Kathy and Randy Pherson both had successful careers in the US Intelligence Community, where they pioneered new analytical methods and would later help bring those methods to widespread adoption in the community. Both are also successful business leaders who created companies that build value for others.
In the OODAcast we discuss the third edition of their book: Critical Thinking for Strategic Intelligence. They provide their context on what a good intelligence program in industry or government looks like, how to avoid out for cognitive bias and cognitive traps, how to be proactive in data collection and processing, and how to produce intelligence in ways that can be consumed by decision-makers. The also provide insights from the latest cognitive science and do it in a way that can help any analyst in any enterprise improve. We also examine what critical thinking is, and how to teach it.
Kathy reviews what she calls the “5 habits of the critical thinker”, which includes:
- Examine your key assumptions
- Consider multiple alternatives
- Look for disconfirming data
- Look for drivers underneath your topic and finder indicators of future action
- Understand the context and how the issue is framed, through framing seek to understand
Kathy and Randy have had a very interesting career together (they were the first married couple to join and spend a full career at the CIA). One aspect of their career I found particularly interesting was their work with the famous Richards (Dick) Heuer. Dick had taught Randy on topics like counter deception, and was later a contractor under Kathy. Years later Dick and Randy would work together on books including one on Structured Analytic Techniques for Intelligence Analysis. We hope you enjoy meeting them and learning from them in this OODAcast.
Organizations in competitive environments should continually look for ways to gain advantage over their competitors. The ability of a business to learn and translate that learning into action, at speeds faster than others, is one of the most important competitive advantages you can have. This fact of business life is why the model of success in Air to Air combat articulated by former Air Force fighter pilot John Boyd, the Observe – Orient – Decide – Act (OODA) decision loop, is so relevant in business decision-making today.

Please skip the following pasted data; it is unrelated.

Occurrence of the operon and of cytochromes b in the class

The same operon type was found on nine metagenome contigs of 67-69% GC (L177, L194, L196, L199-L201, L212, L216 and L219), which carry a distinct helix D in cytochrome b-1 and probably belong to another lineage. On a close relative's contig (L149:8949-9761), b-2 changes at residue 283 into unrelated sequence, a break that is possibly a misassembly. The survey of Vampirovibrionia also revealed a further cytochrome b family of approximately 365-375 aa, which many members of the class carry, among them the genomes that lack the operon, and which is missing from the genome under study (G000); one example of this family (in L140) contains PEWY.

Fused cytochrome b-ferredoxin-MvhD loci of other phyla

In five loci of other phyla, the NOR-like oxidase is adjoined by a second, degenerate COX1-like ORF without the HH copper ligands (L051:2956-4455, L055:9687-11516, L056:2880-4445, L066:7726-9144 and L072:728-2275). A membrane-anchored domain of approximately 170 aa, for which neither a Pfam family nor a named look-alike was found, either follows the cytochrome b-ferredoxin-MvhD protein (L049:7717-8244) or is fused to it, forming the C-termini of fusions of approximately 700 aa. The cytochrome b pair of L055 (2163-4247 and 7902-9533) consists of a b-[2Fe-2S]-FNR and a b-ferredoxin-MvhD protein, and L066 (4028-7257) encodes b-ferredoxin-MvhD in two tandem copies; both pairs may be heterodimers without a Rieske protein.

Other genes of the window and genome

In this business model, decisions are based on observations of dynamic situations tempered with business context to drive decisions and actions. These actions should change the situation meaning new observations and new decisions and actions will follow. This all underscores the need for a good corporate intelligence program. See: A Practitioner’s View of Corporate Intelligence
This post dives into actionable recommendation on ways to optimize a corporate intelligence effort. It is based on a career serving large scale analytical efforts in the US Intelligence Community and in applying principles of intelligence in corporate America. See: Optimizing Corporate Intelligence
Cognitive Bias and the errors in judgement they produce are seen in every aspect of human decision-making, including in the business world. Companies that have a better understanding of these cognitive biases can optimize decision making at all levels of the organization, leading to better performance in the market. Companies that ignore the impact these biases have on corporate decision-making put themselves at unnecessary risk. This post by OODA Co-Founder Bob Gourley provides personal insights into key biases as well as mitigation strategies you can put in place right now. See: An Executive’s Guide To Cognitive Bias in Decision Making
We strongly encourage every company, large or small, to set aside dedicated time to focus on ways to improve your ability to understand the nature of the significantly changed risk environment we are all operating in today, and then assess how your organizational thinking should change. As an aid to assessing your corporate sensemaking abilities, this post summarizes OODA’s research and analysis into optimizing corporate intelligence for the modern age. See: OODA On Corporate Intelligence In The New Age
This post discusses standards in intelligence, a topic that can improve the quality of all corporate intelligence efforts and do so while reducing ambiguity in the information used to drive decisions and enhancing the ability of corporations to defend their most critical information. See: Useful Standards For Corporate Intelligence
Broadly speaking, a weapon is anything that provides an advantage over an adversary. In this context, data is, and always has been, a weapon. This post, part of our Intelligent Enterprise series, focuses on how to take more proactive action in use of data as a weapon. See: Data is a Weapon
Fine Tuning Your Falsehood Detector: Time to update the models you use to screen for deception, dishonesty, corruption, fraud and falsity
The best business leaders are good at spotting falsehoods. Some joke and say the have a “bullshit detector”, but that humorous description does not do service to the way great leaders detect falsehoods. Bullshit is easy to detect. You see it and smell it and if you step in it it is your own fault. In the modern world falsehoods are far more nuanced. Now more than ever, business and government leaders need to ensure their mental models for detecting falsehood are operating in peak condition. For more see: Fine Tuning Your Falsehood Detector: Time to update the models you use to screen for deception, dishonesty, corruption, fraud and falsity